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Joan left to die alone in the dark

By Gemma Burns

The daughter of a woman killed in the Ballymurphy Massacre has spoken of her fresh heartache with news her mother lay alone slowly dying for up to six hours when medical treatment could have saved her life.
Mother of eight children Joan Connolly was shot by the British army on August 9, 1971 after leaving her home to go looking for her two daughters. She was one of 11 innocent civilians killed by the Parachute Regiment over the bloody three-day period.
Reports from the time indicate she was shot at around 9pm but not picked up and taken to hospital until between 2am and 3am the next day.
This week, her family released an independent review into the killing by top retired A&E consultant Laurence Rocke.
The experienced emergency doctor said he believes that as Joan Connolly’s body lay on the ground, she may have been clinging on to life and survived had she received medical attention in the Royal Hospital, just minutes away.
The soldiers involved in the killing said in depositions made a year after her death that they believed Mrs Connolly was already dead, though they did not check to see if the mother had any signs of life.
Dr Rocke said although Mrs Connolly eventually bled to death from her gunshot wounds, they would not have killed her immediately and that even an action as simple as pressure over the wounds could have stemmed the blood enough to save her.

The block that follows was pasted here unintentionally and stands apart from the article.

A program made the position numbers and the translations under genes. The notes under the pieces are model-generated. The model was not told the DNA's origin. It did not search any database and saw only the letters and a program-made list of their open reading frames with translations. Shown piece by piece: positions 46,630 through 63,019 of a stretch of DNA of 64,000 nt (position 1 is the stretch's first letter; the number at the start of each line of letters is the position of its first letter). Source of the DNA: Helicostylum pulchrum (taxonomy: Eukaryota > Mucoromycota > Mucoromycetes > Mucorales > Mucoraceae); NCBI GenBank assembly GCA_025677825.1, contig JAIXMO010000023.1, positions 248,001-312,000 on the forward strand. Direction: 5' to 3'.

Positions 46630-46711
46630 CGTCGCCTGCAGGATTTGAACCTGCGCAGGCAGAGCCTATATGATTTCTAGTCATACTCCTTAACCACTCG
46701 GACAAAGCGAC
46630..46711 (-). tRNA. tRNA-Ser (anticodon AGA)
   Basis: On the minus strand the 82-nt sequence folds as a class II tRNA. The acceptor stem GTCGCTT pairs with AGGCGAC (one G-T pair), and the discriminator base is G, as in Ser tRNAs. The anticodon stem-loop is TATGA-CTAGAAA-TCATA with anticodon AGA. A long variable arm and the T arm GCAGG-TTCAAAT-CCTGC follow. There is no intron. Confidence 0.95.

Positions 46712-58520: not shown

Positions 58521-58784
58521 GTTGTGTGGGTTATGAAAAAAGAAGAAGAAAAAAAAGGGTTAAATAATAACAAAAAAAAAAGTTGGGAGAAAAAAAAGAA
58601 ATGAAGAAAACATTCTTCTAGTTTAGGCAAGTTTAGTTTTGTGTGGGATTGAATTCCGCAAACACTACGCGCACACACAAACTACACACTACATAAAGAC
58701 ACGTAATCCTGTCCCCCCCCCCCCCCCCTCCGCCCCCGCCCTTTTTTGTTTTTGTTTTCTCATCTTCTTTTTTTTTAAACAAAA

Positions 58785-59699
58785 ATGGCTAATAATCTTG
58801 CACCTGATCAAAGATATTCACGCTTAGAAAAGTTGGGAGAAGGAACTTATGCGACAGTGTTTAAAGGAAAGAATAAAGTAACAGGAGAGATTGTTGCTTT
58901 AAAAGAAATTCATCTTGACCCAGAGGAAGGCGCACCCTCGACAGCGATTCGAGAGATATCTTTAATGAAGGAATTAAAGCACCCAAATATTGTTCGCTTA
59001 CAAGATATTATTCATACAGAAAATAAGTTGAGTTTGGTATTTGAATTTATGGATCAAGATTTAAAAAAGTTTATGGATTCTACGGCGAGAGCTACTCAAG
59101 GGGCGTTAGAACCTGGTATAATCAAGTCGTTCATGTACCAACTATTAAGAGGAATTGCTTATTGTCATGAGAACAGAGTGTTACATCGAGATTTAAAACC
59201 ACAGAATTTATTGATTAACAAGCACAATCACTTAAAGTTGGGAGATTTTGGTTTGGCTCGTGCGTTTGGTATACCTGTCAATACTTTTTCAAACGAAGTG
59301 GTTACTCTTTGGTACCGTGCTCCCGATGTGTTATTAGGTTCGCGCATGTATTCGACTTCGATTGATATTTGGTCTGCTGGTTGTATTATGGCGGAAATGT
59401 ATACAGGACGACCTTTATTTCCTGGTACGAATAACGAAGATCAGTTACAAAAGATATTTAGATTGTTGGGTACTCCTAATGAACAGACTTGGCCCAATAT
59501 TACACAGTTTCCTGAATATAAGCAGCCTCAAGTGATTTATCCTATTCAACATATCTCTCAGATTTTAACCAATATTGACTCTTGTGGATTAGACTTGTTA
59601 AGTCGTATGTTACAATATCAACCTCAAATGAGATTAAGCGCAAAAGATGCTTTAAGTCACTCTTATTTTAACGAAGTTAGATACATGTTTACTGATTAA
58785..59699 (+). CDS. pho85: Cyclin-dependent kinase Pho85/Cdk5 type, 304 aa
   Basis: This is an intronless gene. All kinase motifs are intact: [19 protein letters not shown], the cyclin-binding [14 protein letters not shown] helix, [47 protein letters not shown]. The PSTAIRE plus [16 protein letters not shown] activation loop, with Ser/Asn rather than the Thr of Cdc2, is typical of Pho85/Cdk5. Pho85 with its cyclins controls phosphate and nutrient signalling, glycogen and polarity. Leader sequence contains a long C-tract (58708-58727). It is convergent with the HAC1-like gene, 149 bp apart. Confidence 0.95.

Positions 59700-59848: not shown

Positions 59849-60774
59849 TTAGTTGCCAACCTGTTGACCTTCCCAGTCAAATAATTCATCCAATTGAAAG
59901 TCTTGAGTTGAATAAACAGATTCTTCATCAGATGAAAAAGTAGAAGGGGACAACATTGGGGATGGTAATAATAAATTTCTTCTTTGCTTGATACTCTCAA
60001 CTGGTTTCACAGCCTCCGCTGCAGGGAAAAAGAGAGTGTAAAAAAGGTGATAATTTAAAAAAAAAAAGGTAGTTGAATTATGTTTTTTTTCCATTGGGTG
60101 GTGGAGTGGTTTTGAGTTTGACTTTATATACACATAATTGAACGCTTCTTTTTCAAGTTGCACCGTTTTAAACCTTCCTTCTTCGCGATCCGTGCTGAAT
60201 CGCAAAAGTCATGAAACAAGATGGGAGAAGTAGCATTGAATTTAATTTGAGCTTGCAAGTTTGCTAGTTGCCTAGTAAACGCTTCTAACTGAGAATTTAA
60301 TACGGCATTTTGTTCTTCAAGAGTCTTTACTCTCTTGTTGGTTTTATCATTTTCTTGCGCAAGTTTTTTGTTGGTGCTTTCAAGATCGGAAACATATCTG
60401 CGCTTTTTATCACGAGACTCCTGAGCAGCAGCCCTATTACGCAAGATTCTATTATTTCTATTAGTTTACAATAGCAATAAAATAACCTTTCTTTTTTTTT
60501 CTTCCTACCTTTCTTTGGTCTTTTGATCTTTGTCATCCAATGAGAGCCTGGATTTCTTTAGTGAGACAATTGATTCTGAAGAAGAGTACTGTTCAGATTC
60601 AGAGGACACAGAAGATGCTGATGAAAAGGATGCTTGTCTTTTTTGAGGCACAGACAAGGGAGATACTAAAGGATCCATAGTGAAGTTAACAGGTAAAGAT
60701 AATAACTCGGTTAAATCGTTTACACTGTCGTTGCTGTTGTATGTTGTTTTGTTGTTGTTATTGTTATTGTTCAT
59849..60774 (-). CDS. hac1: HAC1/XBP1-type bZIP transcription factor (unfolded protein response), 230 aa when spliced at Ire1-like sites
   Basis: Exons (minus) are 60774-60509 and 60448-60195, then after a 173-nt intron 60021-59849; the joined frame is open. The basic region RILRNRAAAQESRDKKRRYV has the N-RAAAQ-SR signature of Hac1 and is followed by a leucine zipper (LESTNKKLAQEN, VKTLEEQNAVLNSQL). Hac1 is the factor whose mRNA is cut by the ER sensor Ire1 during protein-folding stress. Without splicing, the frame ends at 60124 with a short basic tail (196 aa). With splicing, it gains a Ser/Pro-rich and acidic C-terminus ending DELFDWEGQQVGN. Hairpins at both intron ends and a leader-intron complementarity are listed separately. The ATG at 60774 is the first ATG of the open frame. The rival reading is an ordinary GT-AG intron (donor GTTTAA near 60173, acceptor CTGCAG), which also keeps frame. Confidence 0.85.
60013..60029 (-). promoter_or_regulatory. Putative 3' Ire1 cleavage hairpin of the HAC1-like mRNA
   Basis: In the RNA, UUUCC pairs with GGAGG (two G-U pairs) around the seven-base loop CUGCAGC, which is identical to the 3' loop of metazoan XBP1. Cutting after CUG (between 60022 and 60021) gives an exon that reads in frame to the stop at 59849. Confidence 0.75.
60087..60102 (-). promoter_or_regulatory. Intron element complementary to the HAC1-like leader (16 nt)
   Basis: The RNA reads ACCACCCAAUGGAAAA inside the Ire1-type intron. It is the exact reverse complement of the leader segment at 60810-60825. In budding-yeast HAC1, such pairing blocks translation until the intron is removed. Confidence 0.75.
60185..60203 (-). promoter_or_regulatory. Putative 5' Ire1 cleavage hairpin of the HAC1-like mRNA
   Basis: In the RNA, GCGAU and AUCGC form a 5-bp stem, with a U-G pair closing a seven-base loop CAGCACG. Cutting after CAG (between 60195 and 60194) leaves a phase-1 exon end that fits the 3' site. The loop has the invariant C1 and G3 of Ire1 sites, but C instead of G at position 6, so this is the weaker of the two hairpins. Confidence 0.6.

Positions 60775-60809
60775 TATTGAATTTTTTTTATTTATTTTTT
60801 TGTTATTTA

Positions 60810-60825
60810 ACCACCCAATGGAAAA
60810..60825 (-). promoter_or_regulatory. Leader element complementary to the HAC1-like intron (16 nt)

Joan Connolly’s daughter, Briege Voyle, said when she received the doctor’s report into the killing she was so shocked she could not even tell anyone his findings for some time.
“When I found out what was in the report I was so gobsmacked I couldn’t even tell anyone for weeks, it was just too much to take in,” she said.
“It’s bad enough knowing all these years what happened to my mummy, but to find out she lay there like a dog, all on her own with no one there and dying is just too much.
“My mummy would have been 87 now, I know she might have died of natural causes but not knowing, it’s the not knowing, that makes it so hard. She didn’t see us grow up, she missed it all. Now knowing she would have lived is heartbreaking.”
Briege, along with other families who lost loved ones in the massacre, has long campaigned for the British government to establish an independent panel into the killings. She explained the impact on the family – the youngest child was just three-years-old – caused by the loss of their mother. The family only discovered Joan Connolly was dead after they waited all night for her return home from looking for her daughters and then rang the morgue and gave her description.
“After she died we were sent to a refugee camp in the south and then we all only came home in dribs and drabs. Not all together,” said Briege.
“My daddy was in an awful depression and being young we couldn’t understand why he couldn’t look after us the way mummy could. He had to give up work to look after us and then died 11 years later of cancer.
“All we were thinking at the time when he died was my mummy should be here with us for this. Knowing now what happened that night is really unbearable.”
The families are calling once again on the British government to accept their proposal to establish an independent panel to examine the Ballymurphy Massacre.

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